Our Founder 

Representative Rhonda Fields

RHONDA FIELDS

COLORADO STATE SENATOR – 2017

Rep. Fields is the founder of the Fields Wolfe Memorial Fund and Fields Foundation, a nonprofit started in memory of her son Javad Fields and his fiancée, Vivian Wolfe. The two CSU graduates were murdered on June 20, 2005, less than a week before Javad planned to testify as a key witness in the murder of his best friend. That tragedy set in motion her public service career, beginning in 2007 when Gov. Bill Ritter appointed her to the Colorado Commission on Criminal Juvenile Justice, where she fought to improve public safety and our criminal justice system.

Running on a platform of protecting the most vulnerable, promoting economic growth and education reforms, in Colorado's legislature, Rhonda Fields was elected to the Colorado House of Representatives in 2010. She was the first African American woman elected to serve in the state legislature and in 2017 she became the first African American to be elected to the State Senate from Arapahoe County.

In 2014 and 2011, 5280 Magazine ranked Rep. Fields 37th on its list of the 50 “most powerful” people in the Denver Metro area, saying she has “gained the type of respect that politicians dream about.” She inducted into the Aurora Women’s Hall in 2013 and recognized by the Denver Women’s Chambers for her legislative work address issues important to women. She also received the 2011 “Rising Star Award” of the Colorado Democratic Party, the 2011 Leadership for Healthy Communities Award from the Robert Wood Johnson Foundation, the Wilma Webb 2011 Co-Legislator of the Year presented by African American Voices, the 2011 Black Women for Political Action Award, the 2010 Martin Luther King Jr. Humanitarian Award and the Colorado Black Chamber of Commerce President’s Courage Award.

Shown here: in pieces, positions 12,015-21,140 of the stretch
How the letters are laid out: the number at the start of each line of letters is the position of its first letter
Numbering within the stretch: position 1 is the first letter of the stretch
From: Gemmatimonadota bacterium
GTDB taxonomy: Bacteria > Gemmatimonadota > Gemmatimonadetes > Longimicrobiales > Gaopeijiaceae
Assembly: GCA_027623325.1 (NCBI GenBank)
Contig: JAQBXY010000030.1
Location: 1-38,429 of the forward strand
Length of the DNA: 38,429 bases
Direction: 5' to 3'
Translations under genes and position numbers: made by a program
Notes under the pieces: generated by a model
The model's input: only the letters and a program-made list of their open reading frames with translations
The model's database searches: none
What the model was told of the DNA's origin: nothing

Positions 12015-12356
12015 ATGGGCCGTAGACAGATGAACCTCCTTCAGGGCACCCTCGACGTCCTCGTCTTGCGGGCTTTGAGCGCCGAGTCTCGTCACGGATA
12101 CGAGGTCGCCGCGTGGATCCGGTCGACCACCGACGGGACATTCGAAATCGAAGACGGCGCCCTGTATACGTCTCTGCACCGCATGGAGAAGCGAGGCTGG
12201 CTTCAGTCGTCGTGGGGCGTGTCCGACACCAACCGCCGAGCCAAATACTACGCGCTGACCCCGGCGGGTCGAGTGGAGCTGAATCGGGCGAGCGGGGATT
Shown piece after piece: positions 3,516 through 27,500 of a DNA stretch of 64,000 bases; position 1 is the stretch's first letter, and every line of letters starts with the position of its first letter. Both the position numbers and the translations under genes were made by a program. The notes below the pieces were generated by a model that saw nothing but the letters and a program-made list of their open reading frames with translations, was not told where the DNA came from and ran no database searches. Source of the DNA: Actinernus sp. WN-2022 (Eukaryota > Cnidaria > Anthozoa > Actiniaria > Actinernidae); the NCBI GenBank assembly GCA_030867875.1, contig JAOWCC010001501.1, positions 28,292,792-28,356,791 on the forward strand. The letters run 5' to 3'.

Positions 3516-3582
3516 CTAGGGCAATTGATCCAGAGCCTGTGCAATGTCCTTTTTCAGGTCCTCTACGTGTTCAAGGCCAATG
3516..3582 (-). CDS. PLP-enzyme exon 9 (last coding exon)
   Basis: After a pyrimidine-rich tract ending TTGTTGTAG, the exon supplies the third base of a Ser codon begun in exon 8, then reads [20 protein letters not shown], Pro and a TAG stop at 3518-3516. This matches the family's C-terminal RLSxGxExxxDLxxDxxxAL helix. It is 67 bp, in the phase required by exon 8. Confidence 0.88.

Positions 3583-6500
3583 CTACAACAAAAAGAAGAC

Senator. Fields’ professional affiliations include Women in Government, the National Federation of Women Legislators, the Colorado Black Caucus, the National Council of Negro Women, the Urban League of Denver, the NAACP, Black Women for Political Action and Alpha Kappa Alpha, a sorority of African-American college-educated women.